6 Week Theatre of Cruelty Course

Week 1

Well then! Warm up was as normal; we ran, we star jumped, we high kneed.After the warm up though we did a really great Grotowski exercise where you become an animal and explore the space, obviously it is more detailed than that however explaining it would be near impossible but I do love it. Then we did the bubo exercise (see my post on the six week expressionist theatre course as well) where a bubo of pain builds and you are all tense and then bursts over and over and over. This time however an element of hunter/prey was added which made it very interesting but a bit more difficult because with this you are trying to act on impulse but when doing the hunter/prey bit you were thinking, it was hard but I learnt from it. The final thing we did was passing gestures and then we added on an emotion like ‘happy’ or ‘fear’ and finally ‘lust’. I will be honest with you I ain’t great at lust, I always feel uncomfortable because that isn’t a part of myself I am sure of or comfortable with yet, sorry for being a bit personal there. The whole thing that is cruel about this style of theatre is the way it lays all the actors bare, there is no mask, it is impulse and it is your impulse a lot and it is hard to be that exposed. I hope this course will give me confidence to embrace the impulses even in situations where my brain is shouting “FOOL” at me.

Week 2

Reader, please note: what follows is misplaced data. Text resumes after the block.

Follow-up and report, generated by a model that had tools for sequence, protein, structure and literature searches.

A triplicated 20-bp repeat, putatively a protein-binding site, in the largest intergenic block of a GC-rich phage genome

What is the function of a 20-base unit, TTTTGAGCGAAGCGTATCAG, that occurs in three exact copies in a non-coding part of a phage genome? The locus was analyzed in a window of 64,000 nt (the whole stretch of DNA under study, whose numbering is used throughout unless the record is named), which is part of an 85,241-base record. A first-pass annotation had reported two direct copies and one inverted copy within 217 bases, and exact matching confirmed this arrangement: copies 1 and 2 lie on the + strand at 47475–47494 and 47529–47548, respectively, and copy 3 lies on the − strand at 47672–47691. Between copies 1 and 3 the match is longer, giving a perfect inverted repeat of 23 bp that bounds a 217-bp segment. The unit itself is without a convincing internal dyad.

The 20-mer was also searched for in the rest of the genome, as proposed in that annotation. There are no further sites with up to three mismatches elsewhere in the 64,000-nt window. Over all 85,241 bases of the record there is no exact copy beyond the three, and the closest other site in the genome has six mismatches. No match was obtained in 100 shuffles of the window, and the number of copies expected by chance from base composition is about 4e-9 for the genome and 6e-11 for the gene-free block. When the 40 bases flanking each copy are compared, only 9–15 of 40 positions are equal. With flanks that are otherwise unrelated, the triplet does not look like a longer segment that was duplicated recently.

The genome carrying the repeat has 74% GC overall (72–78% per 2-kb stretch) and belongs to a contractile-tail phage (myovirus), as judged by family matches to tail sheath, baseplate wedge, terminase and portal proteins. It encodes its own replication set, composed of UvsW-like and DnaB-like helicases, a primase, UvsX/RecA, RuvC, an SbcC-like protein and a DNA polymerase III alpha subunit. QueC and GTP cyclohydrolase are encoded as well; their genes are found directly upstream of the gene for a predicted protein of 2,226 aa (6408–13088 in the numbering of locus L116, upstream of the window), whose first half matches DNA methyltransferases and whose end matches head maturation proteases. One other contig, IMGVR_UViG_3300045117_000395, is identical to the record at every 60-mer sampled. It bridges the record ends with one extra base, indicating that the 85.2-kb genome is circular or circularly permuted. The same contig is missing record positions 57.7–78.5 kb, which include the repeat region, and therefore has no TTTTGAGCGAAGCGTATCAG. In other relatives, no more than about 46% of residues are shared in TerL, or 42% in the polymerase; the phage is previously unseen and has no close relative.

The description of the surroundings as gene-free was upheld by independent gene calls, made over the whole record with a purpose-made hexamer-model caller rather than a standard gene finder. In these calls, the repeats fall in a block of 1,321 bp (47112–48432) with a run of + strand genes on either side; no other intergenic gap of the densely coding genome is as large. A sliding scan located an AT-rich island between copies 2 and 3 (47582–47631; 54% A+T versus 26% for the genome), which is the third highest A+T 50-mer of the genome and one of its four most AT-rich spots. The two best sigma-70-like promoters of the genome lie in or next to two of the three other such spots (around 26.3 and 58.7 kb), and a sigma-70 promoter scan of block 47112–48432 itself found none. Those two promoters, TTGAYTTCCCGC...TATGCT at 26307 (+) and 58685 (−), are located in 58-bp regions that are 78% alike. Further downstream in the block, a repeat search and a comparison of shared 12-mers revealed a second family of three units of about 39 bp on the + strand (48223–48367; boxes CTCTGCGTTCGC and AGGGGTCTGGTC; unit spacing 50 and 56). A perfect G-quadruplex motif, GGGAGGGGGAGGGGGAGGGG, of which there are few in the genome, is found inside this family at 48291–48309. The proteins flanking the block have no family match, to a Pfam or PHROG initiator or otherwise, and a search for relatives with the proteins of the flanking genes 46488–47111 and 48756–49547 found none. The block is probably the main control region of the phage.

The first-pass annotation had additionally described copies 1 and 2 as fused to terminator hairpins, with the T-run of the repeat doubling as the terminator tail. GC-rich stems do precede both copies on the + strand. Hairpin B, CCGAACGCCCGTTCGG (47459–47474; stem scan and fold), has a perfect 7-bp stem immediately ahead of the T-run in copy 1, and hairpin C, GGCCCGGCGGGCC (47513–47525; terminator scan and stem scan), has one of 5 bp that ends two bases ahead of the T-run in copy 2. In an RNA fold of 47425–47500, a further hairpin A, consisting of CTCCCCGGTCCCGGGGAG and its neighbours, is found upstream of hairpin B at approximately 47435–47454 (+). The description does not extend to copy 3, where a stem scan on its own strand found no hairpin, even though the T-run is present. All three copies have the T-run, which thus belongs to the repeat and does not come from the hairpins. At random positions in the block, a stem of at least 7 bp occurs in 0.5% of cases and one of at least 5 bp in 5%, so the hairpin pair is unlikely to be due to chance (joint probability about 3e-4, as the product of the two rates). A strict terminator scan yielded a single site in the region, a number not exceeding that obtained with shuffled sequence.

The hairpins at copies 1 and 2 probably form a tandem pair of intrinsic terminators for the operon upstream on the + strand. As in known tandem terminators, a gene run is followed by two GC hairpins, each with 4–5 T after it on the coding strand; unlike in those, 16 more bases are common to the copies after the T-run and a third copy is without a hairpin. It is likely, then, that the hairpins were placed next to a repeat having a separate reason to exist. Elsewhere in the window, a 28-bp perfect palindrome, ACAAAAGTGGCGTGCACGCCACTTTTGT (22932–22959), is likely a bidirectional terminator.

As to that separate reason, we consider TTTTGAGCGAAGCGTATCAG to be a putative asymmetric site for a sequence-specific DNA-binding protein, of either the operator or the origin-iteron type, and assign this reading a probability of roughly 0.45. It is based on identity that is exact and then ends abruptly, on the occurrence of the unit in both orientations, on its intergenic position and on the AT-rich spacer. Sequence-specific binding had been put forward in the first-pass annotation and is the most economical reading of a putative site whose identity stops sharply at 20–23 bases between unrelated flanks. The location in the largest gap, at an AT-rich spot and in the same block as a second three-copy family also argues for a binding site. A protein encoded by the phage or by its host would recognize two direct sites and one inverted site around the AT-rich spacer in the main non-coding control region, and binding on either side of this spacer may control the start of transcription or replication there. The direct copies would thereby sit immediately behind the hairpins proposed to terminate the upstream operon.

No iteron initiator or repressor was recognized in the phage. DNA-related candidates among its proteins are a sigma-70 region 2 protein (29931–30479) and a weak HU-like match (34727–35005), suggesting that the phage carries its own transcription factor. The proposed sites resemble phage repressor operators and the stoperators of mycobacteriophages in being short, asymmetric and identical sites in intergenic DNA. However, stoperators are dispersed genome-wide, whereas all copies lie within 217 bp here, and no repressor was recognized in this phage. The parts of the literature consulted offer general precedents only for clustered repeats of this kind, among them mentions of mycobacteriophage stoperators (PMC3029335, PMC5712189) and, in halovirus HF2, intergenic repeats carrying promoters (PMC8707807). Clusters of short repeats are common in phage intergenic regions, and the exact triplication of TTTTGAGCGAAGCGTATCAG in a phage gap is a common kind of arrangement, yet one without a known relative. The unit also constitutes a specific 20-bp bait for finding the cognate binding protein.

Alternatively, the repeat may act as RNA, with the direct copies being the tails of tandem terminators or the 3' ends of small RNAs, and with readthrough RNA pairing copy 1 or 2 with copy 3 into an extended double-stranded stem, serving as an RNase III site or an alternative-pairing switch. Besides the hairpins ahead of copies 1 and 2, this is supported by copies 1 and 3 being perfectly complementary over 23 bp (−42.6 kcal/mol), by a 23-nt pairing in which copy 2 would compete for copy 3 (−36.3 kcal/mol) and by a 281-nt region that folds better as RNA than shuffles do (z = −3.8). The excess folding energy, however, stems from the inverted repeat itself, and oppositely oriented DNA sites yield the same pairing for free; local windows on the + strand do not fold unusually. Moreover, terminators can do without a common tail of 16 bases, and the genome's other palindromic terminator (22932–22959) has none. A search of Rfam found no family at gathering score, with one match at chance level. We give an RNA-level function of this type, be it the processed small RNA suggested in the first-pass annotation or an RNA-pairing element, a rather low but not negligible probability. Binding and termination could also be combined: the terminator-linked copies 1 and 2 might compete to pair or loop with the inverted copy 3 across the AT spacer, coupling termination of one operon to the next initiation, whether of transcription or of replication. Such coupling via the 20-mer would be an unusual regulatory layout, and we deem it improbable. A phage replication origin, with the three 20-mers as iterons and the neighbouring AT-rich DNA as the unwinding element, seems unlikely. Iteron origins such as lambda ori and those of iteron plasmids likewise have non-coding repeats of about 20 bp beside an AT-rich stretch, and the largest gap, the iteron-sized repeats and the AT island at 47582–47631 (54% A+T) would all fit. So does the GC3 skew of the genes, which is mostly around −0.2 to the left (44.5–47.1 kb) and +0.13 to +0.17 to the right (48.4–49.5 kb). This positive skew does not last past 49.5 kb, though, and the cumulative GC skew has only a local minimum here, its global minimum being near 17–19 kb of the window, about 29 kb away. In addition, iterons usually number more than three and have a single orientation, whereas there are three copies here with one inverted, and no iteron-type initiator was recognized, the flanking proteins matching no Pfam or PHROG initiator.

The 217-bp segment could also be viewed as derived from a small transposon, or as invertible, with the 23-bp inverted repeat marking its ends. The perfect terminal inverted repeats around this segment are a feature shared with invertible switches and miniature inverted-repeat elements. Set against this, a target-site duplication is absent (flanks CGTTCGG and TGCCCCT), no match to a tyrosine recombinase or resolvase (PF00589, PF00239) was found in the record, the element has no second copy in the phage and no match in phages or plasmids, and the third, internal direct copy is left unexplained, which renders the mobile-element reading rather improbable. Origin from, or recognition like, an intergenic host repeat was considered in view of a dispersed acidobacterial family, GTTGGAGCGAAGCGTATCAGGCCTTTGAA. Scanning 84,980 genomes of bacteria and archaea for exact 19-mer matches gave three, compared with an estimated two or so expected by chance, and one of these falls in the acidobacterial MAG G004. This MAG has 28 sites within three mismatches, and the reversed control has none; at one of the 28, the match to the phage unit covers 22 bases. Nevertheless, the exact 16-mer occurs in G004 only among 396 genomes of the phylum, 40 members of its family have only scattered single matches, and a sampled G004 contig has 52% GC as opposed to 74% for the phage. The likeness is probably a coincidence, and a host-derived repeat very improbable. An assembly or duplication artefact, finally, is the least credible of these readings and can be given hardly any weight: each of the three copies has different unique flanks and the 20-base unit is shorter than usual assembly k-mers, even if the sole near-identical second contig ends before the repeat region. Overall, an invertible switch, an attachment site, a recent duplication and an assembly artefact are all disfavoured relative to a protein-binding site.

Rituals and taboos. We did our warm up then moved onto an pairs exercise where one leads the other round the room by the hand (they are placed on top of each other) and the the followers eyes are closed. I love things like that as they are a bit scary but you just need to trust the other person not to run you into a wall. Then we did an improvisation but Luke took me aside and said at some point do something in keeping with the improv but totally inappropriate, this taught us about taboos and what is a taboo etc. It is believed in Theatre of Cruelty that this would cleanse the audience, it is cruel to the actors and audience but cleansing. The next bit was strange, we got random objects and started making sounds, like soundscapes, then we added movement and sounds eventually sacrificing someone then bringing them back with the same sounds. This was weird at first because it was like ‘I just killed you with these sounds now I need to love you?’ but as we focused it worked out. The final thing we did was split into threes and improvise a scene with another taboo. My group had a scene on a plane where someone leaned over me to wank off the bloke on the other side of me and wiped the cum on my arm. It was a very unpleasant scene. This course is really making me see how uncomfortable I am in certain situations, I really need to push out of my comfort zone so that is the goal next week.